One thing that bothered us about this right from the very beginning is: Why doesn’t this allow an infinite amount of information? We don’t want an infinite amount of information. Ultimately we’d like to somehow use this to recover the Hawking- Bekenstein area entropy law. It looked like we were getting an infinite amount of hair because you seem to be able to have these soft photons that had an angular localization that was arbitrarily small. But there’s no physical way to excite one of those. So those are not physically realizable states of the black hole.
SF: Those smaller than the Planck length?
AS: Those smaller than the Planck length. I wouldn’t know how to implant such a hair.
It’s very important to note that there have been lots of proposals trying to understand black hole entropy which get the area correct—which get the proportionality to the area correct—but don’t get the one-quarter [term in the equation] correct. The real acid test, which we haven’t passed, is getting that one-quarter. That’s what string theory was able to do, and that was what turned the tide on a lot of thinking about this problem. But we haven’t gotten the one-quarter here.
SF: Is there a clear road ahead?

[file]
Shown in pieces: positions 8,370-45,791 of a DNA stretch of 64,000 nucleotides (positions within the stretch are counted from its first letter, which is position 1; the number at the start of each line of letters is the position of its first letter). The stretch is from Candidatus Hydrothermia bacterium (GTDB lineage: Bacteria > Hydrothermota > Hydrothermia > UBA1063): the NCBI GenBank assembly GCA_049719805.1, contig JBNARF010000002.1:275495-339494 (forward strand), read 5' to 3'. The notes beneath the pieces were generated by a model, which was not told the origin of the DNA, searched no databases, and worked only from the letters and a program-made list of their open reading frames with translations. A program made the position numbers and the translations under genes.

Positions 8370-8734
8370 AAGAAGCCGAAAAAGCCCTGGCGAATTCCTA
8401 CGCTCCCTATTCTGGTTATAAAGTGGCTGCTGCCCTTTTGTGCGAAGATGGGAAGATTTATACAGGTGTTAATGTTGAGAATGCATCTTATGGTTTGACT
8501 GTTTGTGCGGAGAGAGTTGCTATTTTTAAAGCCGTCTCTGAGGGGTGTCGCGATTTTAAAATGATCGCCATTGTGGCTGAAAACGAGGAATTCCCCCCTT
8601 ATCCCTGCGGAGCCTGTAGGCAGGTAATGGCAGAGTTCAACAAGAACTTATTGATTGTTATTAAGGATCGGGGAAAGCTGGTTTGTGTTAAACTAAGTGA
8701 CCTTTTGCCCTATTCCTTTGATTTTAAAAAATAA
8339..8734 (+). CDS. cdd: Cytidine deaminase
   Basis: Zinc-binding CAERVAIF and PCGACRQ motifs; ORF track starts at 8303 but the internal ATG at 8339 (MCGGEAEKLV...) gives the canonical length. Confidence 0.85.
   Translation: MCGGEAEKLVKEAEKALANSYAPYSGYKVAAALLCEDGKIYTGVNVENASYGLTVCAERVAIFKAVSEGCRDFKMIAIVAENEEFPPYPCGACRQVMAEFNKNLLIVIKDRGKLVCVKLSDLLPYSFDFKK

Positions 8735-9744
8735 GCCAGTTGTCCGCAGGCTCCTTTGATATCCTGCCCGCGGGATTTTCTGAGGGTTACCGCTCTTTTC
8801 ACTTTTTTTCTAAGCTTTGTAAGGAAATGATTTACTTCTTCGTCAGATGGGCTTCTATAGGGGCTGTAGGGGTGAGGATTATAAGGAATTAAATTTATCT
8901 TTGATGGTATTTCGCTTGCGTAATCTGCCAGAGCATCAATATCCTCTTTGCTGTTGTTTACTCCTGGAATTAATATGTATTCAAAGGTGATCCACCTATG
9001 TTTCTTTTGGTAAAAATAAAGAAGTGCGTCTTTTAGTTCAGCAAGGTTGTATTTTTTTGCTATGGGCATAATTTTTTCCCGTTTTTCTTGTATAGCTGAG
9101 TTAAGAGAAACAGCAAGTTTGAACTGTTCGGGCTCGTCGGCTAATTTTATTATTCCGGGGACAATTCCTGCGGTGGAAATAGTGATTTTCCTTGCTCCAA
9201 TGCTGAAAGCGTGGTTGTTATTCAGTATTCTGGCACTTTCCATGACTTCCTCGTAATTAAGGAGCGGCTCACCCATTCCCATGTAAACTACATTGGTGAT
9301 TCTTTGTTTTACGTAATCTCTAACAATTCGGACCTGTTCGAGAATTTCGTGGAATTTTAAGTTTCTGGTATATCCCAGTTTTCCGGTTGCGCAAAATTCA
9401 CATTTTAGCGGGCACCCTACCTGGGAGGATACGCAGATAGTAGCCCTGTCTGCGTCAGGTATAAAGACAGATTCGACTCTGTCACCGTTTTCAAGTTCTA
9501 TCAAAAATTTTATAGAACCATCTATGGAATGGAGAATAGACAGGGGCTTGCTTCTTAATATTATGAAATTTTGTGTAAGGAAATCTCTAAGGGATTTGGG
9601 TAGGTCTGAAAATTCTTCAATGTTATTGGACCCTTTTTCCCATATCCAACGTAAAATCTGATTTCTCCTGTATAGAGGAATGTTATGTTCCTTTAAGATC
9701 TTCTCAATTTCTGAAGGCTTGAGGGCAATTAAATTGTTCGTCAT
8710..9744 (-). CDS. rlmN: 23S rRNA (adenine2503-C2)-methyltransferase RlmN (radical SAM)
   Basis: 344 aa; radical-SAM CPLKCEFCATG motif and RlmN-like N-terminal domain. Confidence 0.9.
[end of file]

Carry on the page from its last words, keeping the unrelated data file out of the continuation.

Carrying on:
AS: I’ve got a list of 35 problems on the board, each of which will take many months. It’s a very nice stage to be in if you’re a theoretical physicist because there are things we don’t understand, but there are calculations that we can do that will definitely shed light on it. I alluded to this briefly, but there’s something much richer and bigger and at the same time more enigmatic than the supertranslations called the superrotations.
AS: They are another kind of symmetry at infinity where you don’t just shift the light rays up and down, but you move them relative to one another. You interchange them. If we can make sense of them, they’re going to be more important. But they’re a much newer thing. Supertranslations were understood in the 1960s. The superrotations are something that people just started to look at about ten years ago. But we’ve learned a lot about the superrotations in the last two years.
I also think that there is a very vital connection with studies that people have been doing of entanglement entropy. That needs to be incorporated into this general framework. So there are many very concrete things to do at this point.